Frank M. Crivelli’s practice revolves around the representation of over eighty-five (85) labor unions in various capacities, the majority of which bargain for law enforcement entities. He is proud to be called on a daily basis to provide counsel to over 12,000 state, county and local law enforcement officers, firefighters and EMS workers.

Mr. Crivelli specializes his individual practice in collective negotiations.  Over the past twenty (20) years, Mr. Crivelli has negotiated well over one hundred (100) collective bargaining agreements for various state, county, municipal and private organizations and has resolved over thirty-five (35) labor agreements that have reached impasse through compulsory interest arbitration.  Mr. Crivelli routinely litigates matters in front of the New Jersey State Public Employment Relations Commission, the New Jersey Office of Administrative Law, third party neutrals for mediation, grievance and interest arbitration, the Superior Court of New Jersey and the United States District Court for the District of New Jersey.

Mr. Crivelli founded and created the New Jersey Public Safety Officers Law Blog ( approximately fifteen (15) years ago where he and members of his firm routinely publish blog posts regarding legal issues related to the employment of New Jersey Public Safety Officers.  The blog now contains over six hundred (600) articles and is reviewed and relied upon by thousands of public employees.  Mr. Crivelli has also published books and manuals pertaining to New Jersey Public Employee Disability Pension Appeals and the New Jersey Worker’s Compensation System. Currently, he is drafting a publication on how to Prepare and Negotiate a Collective Bargaining Agreement.  He lectures annually at the New Jersey State PBA Collective Bargaining Seminar, the National Association of Police Organization’s Legal Seminar, the New Jersey Public Employment Relations Commission Seminar on Public Employment Labor Law, the United States Marine Corps’ Commander’s Media Training Symposium and to Union Executive Boards and General Membership bodies on various labor related topics.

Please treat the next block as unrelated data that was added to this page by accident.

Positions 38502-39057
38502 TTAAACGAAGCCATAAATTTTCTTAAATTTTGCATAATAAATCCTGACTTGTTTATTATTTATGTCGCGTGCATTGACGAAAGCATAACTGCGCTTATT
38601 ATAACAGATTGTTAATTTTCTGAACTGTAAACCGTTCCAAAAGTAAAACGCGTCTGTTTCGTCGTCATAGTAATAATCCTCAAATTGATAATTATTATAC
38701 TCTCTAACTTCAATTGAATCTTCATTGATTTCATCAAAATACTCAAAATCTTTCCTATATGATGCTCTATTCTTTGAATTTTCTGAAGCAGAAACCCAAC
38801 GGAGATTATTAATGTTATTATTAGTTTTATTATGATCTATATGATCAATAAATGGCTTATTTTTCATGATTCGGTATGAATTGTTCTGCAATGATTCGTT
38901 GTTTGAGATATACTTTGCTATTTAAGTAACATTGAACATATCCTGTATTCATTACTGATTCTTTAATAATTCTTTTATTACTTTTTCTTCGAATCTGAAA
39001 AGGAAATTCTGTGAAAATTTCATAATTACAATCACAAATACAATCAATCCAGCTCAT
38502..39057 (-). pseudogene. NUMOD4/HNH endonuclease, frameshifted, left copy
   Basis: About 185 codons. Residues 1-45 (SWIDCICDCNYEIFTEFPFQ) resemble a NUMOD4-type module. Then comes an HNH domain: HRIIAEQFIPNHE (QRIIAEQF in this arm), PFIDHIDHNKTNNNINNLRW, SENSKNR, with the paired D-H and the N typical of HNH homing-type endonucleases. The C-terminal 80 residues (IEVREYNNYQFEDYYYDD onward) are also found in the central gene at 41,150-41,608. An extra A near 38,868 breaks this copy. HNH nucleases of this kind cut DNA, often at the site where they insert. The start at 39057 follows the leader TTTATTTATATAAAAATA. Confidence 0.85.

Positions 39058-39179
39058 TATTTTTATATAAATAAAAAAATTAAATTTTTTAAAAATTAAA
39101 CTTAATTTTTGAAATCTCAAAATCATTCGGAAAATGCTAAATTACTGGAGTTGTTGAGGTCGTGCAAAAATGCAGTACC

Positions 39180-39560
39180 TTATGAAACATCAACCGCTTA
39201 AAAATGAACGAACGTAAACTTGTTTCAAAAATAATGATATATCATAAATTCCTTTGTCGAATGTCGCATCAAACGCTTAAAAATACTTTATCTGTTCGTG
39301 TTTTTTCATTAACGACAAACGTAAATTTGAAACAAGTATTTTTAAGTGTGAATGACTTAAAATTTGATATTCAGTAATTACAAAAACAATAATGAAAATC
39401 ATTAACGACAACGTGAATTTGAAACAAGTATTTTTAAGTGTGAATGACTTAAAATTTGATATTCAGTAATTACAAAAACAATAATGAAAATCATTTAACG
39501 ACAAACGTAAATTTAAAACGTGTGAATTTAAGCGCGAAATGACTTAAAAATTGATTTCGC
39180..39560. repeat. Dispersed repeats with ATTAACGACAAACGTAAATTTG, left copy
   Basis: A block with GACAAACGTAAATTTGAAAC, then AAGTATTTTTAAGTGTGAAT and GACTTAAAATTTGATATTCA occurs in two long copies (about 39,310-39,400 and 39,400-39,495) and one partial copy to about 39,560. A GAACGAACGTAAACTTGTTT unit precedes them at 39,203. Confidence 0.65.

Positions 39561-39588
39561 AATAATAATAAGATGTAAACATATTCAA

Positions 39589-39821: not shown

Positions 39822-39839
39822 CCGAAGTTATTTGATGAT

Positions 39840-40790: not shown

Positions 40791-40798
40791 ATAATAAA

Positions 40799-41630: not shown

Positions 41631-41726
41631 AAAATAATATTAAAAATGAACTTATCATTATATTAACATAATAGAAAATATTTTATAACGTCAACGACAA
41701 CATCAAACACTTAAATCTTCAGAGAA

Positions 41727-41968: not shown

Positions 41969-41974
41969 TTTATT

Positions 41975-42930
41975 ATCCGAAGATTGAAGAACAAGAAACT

Prior to entering private practice, Mr. Crivelli joined the United States Marine Corps where he served as a Judge Advocate with the Legal Services Support Section of the First Force Services Support Group in Camp Pendleton, California.  While serving in the Marine Corps, Mr. Crivelli defended and prosecuted hundreds of Special and General Court Martial cases and administrative separation matters.  In addition to his trial duties, Mr. Crivelli was also charged with the responsibility of training various Marine and Naval combat command elements on the interpretation and implementation of the rules of engagement for various military conflicts that were ongoing throughout the world at that time. After leaving active duty, Mr. Crivelli remained in the Marine Corps Reserves where he was promoted to the rank of Major before leaving the service.

For the past fifteen (15) years, Mr. Crivelli has been certified as a Civil Trial Attorney by the Supreme Court for the State of New Jersey, a certification which less than two percent (2%) of the attorneys in New Jersey have achieved.  He is a graduate of Washington College (B.A.), the City University of New York School of Law (J.D.), the United States Naval Justice School, and the Harvard Law School Program on Negotiation.